¶3 Mr. Brown testified that the defendant returned to the counter with Mr. Poffenbarger, and said, "I want all your money," and at this time, he pulled a gun from inside his shirt. State's Exhibit Number One was identified by Mr. Brown as a gun similar to the one that the defendant had on the night in question. The witness further testified that the hammer of the gun was cocked. The witness further testified that he went to the register and put all the money in a paper sack, and gave it to the defendant. At this point, the defendant made everyone go outside the store, and another customer and Mr. Oakley took off running. The witness did not see the defendant after this incident.

¶4 Jim Poffenbarger testified that he was in the store on the night in question, and that the defendant approached him, pulled his gun and said to come with him. At this point, they went to the counter and the defendant told the man behind the counter to empty the register. He demanded the witness's wallet containing a twenty-dollar bill and some papers. At this point, another person came into the store and defendant got his wallet, also. After getting the money, the defendant herded all three of the people outside the store and another customer named Oakley took off running down the street. At this point, the witness, along with the manager of the store, returned into the store and he did not see the defendant again.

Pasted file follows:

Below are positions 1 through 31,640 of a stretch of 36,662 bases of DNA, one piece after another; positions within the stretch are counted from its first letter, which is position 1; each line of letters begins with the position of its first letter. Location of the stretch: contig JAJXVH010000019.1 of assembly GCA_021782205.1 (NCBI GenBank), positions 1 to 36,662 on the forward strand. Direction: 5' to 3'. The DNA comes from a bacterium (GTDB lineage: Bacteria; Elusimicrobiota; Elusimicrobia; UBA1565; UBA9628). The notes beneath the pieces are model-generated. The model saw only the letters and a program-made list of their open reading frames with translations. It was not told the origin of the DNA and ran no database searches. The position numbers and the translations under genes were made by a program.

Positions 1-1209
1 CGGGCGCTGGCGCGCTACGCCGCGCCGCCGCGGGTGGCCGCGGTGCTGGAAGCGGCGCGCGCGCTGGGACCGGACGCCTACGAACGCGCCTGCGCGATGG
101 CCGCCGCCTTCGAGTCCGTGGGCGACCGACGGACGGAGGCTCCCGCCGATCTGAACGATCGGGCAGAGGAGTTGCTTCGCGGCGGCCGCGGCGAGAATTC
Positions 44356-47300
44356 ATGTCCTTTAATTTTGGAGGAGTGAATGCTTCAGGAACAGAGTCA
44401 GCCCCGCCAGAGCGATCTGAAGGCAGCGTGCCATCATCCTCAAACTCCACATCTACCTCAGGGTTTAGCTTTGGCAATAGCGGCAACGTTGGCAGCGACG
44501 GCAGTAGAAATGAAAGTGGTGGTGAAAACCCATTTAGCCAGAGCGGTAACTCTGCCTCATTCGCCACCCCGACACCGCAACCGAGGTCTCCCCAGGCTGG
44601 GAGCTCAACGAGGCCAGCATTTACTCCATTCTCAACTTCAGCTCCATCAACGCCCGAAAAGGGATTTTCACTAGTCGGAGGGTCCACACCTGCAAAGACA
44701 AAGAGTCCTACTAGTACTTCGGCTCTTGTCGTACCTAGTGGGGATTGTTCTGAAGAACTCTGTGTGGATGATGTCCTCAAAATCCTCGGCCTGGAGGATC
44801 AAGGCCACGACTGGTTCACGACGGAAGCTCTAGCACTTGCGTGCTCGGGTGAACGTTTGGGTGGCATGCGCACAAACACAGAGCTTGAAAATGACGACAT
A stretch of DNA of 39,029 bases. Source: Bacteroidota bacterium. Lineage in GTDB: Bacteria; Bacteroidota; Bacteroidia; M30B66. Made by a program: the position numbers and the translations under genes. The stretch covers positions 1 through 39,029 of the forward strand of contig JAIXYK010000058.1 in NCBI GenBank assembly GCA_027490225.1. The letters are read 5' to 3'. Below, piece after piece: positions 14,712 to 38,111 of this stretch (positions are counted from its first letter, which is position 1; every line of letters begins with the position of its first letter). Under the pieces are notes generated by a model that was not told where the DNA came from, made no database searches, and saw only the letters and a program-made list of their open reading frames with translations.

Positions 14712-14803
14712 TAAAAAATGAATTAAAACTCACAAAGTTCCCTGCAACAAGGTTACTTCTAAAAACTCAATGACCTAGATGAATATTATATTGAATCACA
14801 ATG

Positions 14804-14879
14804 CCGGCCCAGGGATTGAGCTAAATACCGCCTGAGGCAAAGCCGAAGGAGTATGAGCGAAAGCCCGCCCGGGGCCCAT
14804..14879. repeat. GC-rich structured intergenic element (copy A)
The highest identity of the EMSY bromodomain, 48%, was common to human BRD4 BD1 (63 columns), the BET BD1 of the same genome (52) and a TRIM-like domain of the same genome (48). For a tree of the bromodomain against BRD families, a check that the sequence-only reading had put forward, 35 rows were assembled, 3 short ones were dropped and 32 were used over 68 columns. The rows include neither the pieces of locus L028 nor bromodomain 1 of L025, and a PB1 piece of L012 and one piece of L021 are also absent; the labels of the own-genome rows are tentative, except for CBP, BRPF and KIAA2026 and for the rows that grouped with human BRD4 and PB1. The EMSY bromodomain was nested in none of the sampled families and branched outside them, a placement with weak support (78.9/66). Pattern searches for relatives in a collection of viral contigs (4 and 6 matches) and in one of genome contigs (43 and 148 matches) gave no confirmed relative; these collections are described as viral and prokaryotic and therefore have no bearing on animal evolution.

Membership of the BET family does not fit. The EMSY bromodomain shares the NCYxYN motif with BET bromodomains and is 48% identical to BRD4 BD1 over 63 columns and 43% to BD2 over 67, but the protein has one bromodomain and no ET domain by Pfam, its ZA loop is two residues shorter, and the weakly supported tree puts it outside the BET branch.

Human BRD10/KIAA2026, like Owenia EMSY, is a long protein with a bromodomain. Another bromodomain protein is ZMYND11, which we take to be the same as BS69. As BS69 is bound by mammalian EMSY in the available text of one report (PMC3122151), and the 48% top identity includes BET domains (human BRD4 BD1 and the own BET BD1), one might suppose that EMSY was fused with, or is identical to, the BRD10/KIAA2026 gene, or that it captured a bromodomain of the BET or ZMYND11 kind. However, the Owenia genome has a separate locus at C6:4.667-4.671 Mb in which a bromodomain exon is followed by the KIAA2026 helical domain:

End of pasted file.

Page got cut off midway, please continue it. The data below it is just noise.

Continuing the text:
¶5 The next witness for the State was Herman Oakley, who testified that when he arrived at the store a little after midnight on the night in question, that upon entering the store, he observed the clerk and the defendant and one another customer. The defendant had a gun and he pointed the gun at the witness and demanded his billfold. The witness testified that he gave the defendant his billfold and he observed the defendant's gun and that it was loaded.